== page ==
It’s 2021, and we live in a world of many gearing options. Sort of.
Looking at bicycle gearing from about ten years ago, it appeared that gearing options were disappearing. We could buy standard 53/39 chainrings, or compact 50/34 chainrings. That was pretty much it, at least from major manufacturers. Triple cranksets were steadily removed from product offerings. SRAM campaigned to kill the front derailleur entirely (at least for mountain bikes), and offered a single cassette size of 10-42. We were being given fewer and fewer options.
However, since that time, gearing options have reversed course – sometimes in strange ways. Single chainring systems have spread to road, but are far from having universal adoption. We have mid-compact 52/36 chainrings as the arguable standard. There are chainrings of many different shapes and styles. We now have some 12-speed road systems, in addition to 11, 10, 9, and even 8-speed systems still being offered. Campagnolo and Rotor even offer 13-speeds! It’s also worth mentioning that the addition of more cassette cogs has been accompanied by wider gear range, with 10 and even 9-tooth small cogs (which have had further implications for chainring sizing).
In short, there’s a myriad of options. Choices are good, but can also cause overwhelm and decision fatigue. We’ll do our best to clear the air.
I can’t get us out of the gearing quagmire in a single article, so today I’ll focus on an interesting trend that appears to have staying power: Super-compact chainrings. They debuted about five years ago, and while they don’t have wide-spread adoption, they have a secure foothold.
There’s no official definition for what qualifies as super-compact, but the general agreement seems to include anything smaller that a 50-tooth large chainring and a 34-tooth small chainring. 50/34 is the “standard” compact crank size, and is typically built on a crank with a bolt circle diameter (BCD) of 110mm. At the time of its debut, nobody seemed to think that we’d need a small ring with less than 34 teeth (which is the smallest size that fits to a 110mm BCD crank). If you needed low gearing lower than that, the sentiment was that you should get fitter, or resign yourself to using an “unfashionable” triple crank with 30-tooth small ring.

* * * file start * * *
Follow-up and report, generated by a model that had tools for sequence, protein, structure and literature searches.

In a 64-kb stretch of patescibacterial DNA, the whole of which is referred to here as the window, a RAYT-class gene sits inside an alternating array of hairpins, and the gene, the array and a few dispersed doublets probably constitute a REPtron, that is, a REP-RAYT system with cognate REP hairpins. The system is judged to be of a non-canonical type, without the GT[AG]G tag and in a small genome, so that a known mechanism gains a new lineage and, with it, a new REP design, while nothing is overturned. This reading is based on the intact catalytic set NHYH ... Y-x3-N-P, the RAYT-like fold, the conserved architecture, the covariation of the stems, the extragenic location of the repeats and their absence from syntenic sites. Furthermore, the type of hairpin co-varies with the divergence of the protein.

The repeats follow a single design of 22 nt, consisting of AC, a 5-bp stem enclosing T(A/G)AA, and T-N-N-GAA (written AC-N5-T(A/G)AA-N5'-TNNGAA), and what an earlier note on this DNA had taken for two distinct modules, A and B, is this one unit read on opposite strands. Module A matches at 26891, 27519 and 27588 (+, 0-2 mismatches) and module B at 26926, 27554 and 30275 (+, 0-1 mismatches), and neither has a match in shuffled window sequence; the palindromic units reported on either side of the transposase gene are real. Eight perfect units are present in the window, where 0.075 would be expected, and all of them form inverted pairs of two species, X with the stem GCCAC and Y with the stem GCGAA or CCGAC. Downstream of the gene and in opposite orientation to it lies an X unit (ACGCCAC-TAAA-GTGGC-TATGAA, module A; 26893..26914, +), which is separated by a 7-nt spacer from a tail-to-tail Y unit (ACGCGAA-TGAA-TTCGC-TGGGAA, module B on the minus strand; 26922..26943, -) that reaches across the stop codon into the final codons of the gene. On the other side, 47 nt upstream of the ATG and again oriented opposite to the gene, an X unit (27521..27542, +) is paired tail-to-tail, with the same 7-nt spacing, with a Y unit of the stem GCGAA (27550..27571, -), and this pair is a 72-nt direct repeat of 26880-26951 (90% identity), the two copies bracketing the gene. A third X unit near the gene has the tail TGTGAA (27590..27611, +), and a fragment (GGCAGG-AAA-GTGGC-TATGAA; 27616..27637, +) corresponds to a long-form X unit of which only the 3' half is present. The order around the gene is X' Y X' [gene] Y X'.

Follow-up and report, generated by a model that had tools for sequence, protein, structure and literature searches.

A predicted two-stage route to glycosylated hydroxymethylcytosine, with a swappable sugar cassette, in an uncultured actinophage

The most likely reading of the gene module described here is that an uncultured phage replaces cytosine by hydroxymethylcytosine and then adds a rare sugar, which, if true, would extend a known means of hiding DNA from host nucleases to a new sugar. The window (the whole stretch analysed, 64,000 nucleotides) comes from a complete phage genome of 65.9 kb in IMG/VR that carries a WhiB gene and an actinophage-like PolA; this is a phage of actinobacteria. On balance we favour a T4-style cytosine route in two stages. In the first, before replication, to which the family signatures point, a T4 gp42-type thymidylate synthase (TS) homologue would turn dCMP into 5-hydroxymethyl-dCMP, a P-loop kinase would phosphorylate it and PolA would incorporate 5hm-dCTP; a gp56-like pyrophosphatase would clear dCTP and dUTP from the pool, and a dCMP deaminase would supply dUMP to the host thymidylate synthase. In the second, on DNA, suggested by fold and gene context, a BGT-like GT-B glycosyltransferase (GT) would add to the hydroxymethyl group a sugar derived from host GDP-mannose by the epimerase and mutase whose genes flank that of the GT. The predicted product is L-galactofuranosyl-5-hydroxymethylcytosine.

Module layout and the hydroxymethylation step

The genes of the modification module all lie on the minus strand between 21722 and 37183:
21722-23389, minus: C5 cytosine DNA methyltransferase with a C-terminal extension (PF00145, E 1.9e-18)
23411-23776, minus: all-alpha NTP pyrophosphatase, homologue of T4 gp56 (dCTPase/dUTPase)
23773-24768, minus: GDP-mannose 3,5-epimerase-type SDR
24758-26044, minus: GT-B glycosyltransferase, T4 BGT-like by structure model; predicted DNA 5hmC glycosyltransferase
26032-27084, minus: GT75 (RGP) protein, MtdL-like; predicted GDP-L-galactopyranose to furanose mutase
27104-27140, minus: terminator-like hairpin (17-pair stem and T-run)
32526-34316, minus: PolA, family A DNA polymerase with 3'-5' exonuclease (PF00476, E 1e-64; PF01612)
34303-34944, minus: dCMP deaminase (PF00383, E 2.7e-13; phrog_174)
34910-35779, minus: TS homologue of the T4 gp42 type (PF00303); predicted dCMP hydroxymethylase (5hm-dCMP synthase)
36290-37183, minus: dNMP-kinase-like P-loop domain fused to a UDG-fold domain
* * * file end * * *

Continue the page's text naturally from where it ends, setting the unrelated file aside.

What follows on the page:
Over time, we realized that some of us do need that ultra-low gearing. We’re not all fit 150-pound bike racers. We often use road-focused components for riding gravel, which can often include terrain more fit for a mountain bike (and its super-low gearing). Triple cranks are almost non-existent in 2021 (save entry-level components like Shimano Claris), so the only solution was to make new double cranks with a smaller bolt circle diameter, and really small chainrings – i.e. super-compact!
The most common options you’ll see today are 48/32 and 46/30 (the latter matching “granny gear” size on most road triple cranks). If you are new to super-compact and aren’t sure what you need, I suggest erring on the smaller side. If your current cranks are 50/34 and you don’t find this is enough to climb your local hills, dropping two teeth per chainring isn’t very much. Go for 46/30.
What About Front Derailleurs?
Back when compact cranks debuted, front derailleur performance was a legitimate concern. Derailleurs of the time simply weren’t designed for that 50/34 chainring size, so shifting suffered. Shimano went as far as designing a compact-specific front derailleur.
Over time, this issue has been eliminated, and modern front derailleurs are designed to work with both compact and standard chainring sizes. As far as super-compact chainrings are concerned, I don’t have enough experience with enough combinations of derailleurs and cranks to say for certain, but it appears that shifting isn’t compromised, and you can use your normal front derailleur, provided it’s less than 10 years old (give or take).
What’s Out There?
There are a handful of options for super-compact cranks. FSA was a pioneer in original compact cranks, providing pro cyclist Tyler Hamilton with a 52/36 crank for his harrowing efforts at the Tour de France. We just took delivery of their latest K-FORCE Light Modular BB386EVO cranks with 48/32 rings, which will work with a variety of different frame and bottom-bracket designs. They also offer 46/30, though they were out of stock when I ordered – likely due to high demand of the smaller size.